CEE & CIS news round-up

Published: February 3, 2016

Development banks boost Armenian banking sector

Ameriabank, Armenia’s largest bank by assets, secures funding that should drive consolidation and drive interest in its planned IPO.

The International Finance Corporation (IFC), a member of the World Bank Group, announced that it would provide a US$50mn subordinated loan to Ameriabank, the largest bank in Armenia by assets, loans and deposits in January.

This coincided with news that the European Bank for Reconstruction and Development (EBRD) is investing US$40mn in the bank, first, by acquiring a twenty percent stake for US$30mn, and then by providing a further US$10mn in future capital increases. It is the largest single-ticket equity deal the EBRD has signed in the Caucasus region to date.

Both financing commitments will boost Ameriabank’s capital base, allowing it to increase lending, and help it to prepare for an initial public offering (IPO) planned later this year. There is the prospect that the bank might pursue a strategy of mergers and acquisitions in the local market, leading to further consolidation in the Armenia’s banking sector.

“We are delighted with IFC’s trust. This transaction is a hallmark of quality for our bank operating in this market. We are confident this cooperation has many avenues to explore for the benefit of our organisations and Armenia’s banking sector,” said Andrew Mkrtchyan, chairman of the board of directors at Ameriabank, at the signing.

“We also highly appreciate this new level of partnership with the EBRD. It is a great support for Ameriabank in global capital markets in line with our strategic goals and aspirations,” Mkrtchyan added. “I am sure that our joint efforts will promote the development of Armenia’s banking sector and contribute to economic growth in our country.”

Ameriabank has grown steadily in recent years despite sluggish economic conditions. It now has total capital of nearly US$200mn while its assets have topped an important milestone of US$1bn at the end of 2015.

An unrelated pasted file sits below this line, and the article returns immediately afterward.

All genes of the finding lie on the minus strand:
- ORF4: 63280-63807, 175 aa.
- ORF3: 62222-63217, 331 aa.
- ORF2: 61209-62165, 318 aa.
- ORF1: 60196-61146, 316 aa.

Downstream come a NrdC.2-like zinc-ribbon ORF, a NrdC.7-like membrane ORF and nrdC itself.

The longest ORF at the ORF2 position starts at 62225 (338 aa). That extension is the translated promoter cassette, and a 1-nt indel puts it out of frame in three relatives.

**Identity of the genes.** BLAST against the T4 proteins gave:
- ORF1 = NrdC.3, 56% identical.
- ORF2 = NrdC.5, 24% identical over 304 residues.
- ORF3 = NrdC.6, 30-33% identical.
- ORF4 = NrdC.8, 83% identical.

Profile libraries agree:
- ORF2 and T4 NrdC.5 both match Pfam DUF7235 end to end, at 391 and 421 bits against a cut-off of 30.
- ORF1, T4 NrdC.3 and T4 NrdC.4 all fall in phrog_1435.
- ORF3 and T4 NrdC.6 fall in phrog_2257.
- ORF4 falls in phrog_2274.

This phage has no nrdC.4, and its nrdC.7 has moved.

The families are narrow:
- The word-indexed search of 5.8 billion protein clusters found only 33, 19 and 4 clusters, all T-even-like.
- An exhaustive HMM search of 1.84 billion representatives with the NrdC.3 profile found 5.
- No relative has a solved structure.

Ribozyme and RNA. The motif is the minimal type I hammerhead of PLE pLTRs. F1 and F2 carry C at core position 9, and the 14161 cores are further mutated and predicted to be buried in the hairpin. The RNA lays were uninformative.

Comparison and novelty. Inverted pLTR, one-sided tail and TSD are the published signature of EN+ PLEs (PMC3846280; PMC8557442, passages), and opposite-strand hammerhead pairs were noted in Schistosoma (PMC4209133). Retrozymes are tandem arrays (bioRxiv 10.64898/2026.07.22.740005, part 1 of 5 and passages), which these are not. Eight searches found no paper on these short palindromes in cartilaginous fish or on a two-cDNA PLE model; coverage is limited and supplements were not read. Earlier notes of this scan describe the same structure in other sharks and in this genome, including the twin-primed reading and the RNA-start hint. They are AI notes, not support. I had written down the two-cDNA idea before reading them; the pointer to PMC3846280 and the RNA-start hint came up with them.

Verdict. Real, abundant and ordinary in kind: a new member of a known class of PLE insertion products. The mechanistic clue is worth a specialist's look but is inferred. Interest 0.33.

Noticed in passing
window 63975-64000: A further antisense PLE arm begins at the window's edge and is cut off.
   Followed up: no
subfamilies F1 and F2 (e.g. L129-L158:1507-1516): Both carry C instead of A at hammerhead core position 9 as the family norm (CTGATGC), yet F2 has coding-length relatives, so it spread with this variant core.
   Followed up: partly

The bank believes that further consolidation is now likely and that this will not lead to any monopolisation of the market because the top five banks account for nearly 50% of assets combined.

Last year, Tigran Jrbashyan, partner, development director and head management advisory at Almeria Group, acknowledged that there would be further mergers and acquisitions in the sector over the next two years, arguing that this would benefit its stability and efficiency.

“This process will greatly help improve our banking system, and I believe that in 2017 we will have a qualitatively new banking system with new possibilities and quite different profitability ratios, which will be ready to attract new capital and provide financing,” he said.

In September 2014 Ameriabank secured a US$20mn convertible subordinated debt deal with Dutch development bank - the FMO, which represented the first deal of its kind between an Armenian bank and an international development finance institution. 

 Ameriabank has also worked with the Austrian Development Bank in offering funding for renewable energy projects and energy efficiency in Armenia.